In a conventional type Ia supernova, the deflagration flame will transition to a detonation flame as it enters the lower density outer layers of the white dwarf. The detonation flame then consumes the entire white dwarf and the energy release from thermonuclear burning causes the whole star to explode violently as a type Ia supernova. The difference between a deflagration flame and a detonation flame is that the latter propagates faster than the local speed of sound in the white dwarf. As a result, a detonation flame is able to consume the entire white dwarf since the material in front of the detonation flame is unable to “see” the approaching flame front.
However, it is possible to have a failed-detonation scenario where the deflagration flame fails to transition to a detonation flame. This may explain a peculiar subset of type Ia supernovae that are characterised by low ejecta velocities, low luminosities and low ejecta masses. A failed-detonation type Ia supernova occurs when enough mass is burnt during the deflagration phase such that the conditions necessary for the deflagration flame to transition to a detonation flame cannot be achieved and the white dwarf fails to detonate. In this scenario, thermonuclear burning during the deflagration phase delivers energy to the white dwarf, causing the star to expand and then contract. Because too much energy is delivered to the white dwarf, it is unable to attain high enough densities and temperatures to launch a detonation flame during maximum contraction.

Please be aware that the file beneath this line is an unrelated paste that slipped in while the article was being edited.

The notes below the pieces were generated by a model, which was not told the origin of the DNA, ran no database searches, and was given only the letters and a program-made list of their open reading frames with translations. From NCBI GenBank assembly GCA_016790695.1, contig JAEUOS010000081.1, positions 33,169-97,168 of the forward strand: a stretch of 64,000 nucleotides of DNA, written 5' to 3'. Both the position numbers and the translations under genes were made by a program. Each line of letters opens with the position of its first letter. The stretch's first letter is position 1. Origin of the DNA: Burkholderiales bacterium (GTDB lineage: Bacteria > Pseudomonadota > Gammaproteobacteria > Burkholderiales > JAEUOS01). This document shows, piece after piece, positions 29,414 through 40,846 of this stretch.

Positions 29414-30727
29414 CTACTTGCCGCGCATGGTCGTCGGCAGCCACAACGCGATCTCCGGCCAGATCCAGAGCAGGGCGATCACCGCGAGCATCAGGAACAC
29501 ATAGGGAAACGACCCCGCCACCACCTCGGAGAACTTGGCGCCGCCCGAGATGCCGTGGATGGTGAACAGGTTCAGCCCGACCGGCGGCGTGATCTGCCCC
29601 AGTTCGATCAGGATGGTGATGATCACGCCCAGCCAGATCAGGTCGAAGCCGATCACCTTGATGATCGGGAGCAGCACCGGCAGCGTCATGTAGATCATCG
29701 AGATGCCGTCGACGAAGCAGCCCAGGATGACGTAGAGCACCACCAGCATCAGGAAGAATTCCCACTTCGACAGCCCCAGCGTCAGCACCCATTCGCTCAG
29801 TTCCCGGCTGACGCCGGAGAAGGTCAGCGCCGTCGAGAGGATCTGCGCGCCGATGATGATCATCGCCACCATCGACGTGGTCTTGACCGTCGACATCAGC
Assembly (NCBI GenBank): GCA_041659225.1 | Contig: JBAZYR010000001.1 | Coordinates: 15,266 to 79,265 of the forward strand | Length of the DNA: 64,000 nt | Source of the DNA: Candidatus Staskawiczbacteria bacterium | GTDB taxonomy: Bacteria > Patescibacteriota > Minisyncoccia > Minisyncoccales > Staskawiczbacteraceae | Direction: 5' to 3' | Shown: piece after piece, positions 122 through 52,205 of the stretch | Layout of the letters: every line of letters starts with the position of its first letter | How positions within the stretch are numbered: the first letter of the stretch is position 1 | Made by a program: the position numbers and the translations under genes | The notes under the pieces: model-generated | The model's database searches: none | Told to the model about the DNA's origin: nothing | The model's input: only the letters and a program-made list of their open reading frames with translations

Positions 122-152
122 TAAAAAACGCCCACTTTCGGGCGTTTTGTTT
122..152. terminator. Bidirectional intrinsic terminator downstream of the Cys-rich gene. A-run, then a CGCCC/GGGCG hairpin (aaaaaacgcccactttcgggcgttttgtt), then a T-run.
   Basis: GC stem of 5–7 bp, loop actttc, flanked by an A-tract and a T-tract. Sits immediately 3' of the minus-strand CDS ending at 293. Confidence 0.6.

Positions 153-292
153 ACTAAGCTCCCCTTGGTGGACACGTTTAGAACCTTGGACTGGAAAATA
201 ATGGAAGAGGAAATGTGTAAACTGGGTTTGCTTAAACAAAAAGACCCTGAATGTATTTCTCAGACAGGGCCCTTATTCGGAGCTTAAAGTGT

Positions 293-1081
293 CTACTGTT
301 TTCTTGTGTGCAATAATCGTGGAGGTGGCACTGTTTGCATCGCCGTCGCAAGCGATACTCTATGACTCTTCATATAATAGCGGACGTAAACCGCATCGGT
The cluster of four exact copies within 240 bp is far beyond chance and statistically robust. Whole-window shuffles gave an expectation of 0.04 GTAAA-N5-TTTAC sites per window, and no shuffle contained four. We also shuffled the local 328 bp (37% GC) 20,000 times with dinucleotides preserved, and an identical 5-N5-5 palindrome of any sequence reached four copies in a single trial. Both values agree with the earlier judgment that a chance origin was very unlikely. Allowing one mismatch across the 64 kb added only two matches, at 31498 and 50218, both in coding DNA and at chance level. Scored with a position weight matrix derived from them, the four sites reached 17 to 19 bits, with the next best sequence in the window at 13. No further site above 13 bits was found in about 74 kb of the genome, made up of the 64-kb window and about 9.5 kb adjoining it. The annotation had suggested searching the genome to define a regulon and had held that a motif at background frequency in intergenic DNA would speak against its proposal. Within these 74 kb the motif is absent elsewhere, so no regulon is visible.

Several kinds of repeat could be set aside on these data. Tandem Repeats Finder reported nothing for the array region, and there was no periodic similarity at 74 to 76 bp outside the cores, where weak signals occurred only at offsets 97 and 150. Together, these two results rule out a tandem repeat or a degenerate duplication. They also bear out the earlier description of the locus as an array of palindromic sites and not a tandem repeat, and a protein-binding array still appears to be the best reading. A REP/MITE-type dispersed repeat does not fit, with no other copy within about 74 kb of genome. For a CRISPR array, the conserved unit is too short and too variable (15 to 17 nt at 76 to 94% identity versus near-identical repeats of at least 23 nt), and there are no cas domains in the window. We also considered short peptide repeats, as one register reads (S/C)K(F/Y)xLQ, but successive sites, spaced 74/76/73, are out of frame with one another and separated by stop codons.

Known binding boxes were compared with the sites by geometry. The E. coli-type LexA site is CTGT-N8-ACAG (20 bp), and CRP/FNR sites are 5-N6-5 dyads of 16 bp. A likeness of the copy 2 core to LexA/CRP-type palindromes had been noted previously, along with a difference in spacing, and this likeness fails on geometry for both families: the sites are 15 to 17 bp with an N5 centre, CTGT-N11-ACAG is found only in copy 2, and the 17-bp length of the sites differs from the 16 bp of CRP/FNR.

For a failed-detonation type Ia supernova, the white dwarf will remain intact as the deflagration is too weak to completely unbind it. However, the white dwarf will now have a lower mass as the failed-detonation event is expected to produce a few tenths of a solar mass of ejecta. The thermonuclear fusion processes occurring within the deflagration flame results in ejecta that is rich in intermediate-mass elements (magnesium, silicon and sulphur) and iron-group elements (iron, cobalt and nickel). A significant proportion of the heavy elements are expected to fall back to the white dwarf and gravitationally settle to form an iron/heavy-core at its centre. The end result is an iron/heavy-core C-O white dwarf.
Due to the highly asymmetric nature of the outburst, the white dwarf will receive a kick velocity of a few 100 km/s. Even so, the large orbital velocities found in most binary star systems suggest that even a kick velocity of a few 100 km/s may be insufficient to unbind the binary. However, for binary systems consisting of a white dwarf accreting matter from an evolved star such as a red giant, the natal kick velocity is likely to unbind the system because of the large binary separation between the white dwarf and the red giant. It is also possible for the natal kick from the asymmetric outburst to launch the white dwarf towards its companion star and this should produce very interesting results.
George Jordan IV, et al., 2012, “Failed-Detonation Supernovae: Sub-Luminous Low-Velocity Ia Supernovae and Their Remnant-Kicked Iron-Core White Dwarfs”, arXiv:1208.5069v1 [astro-ph.HE]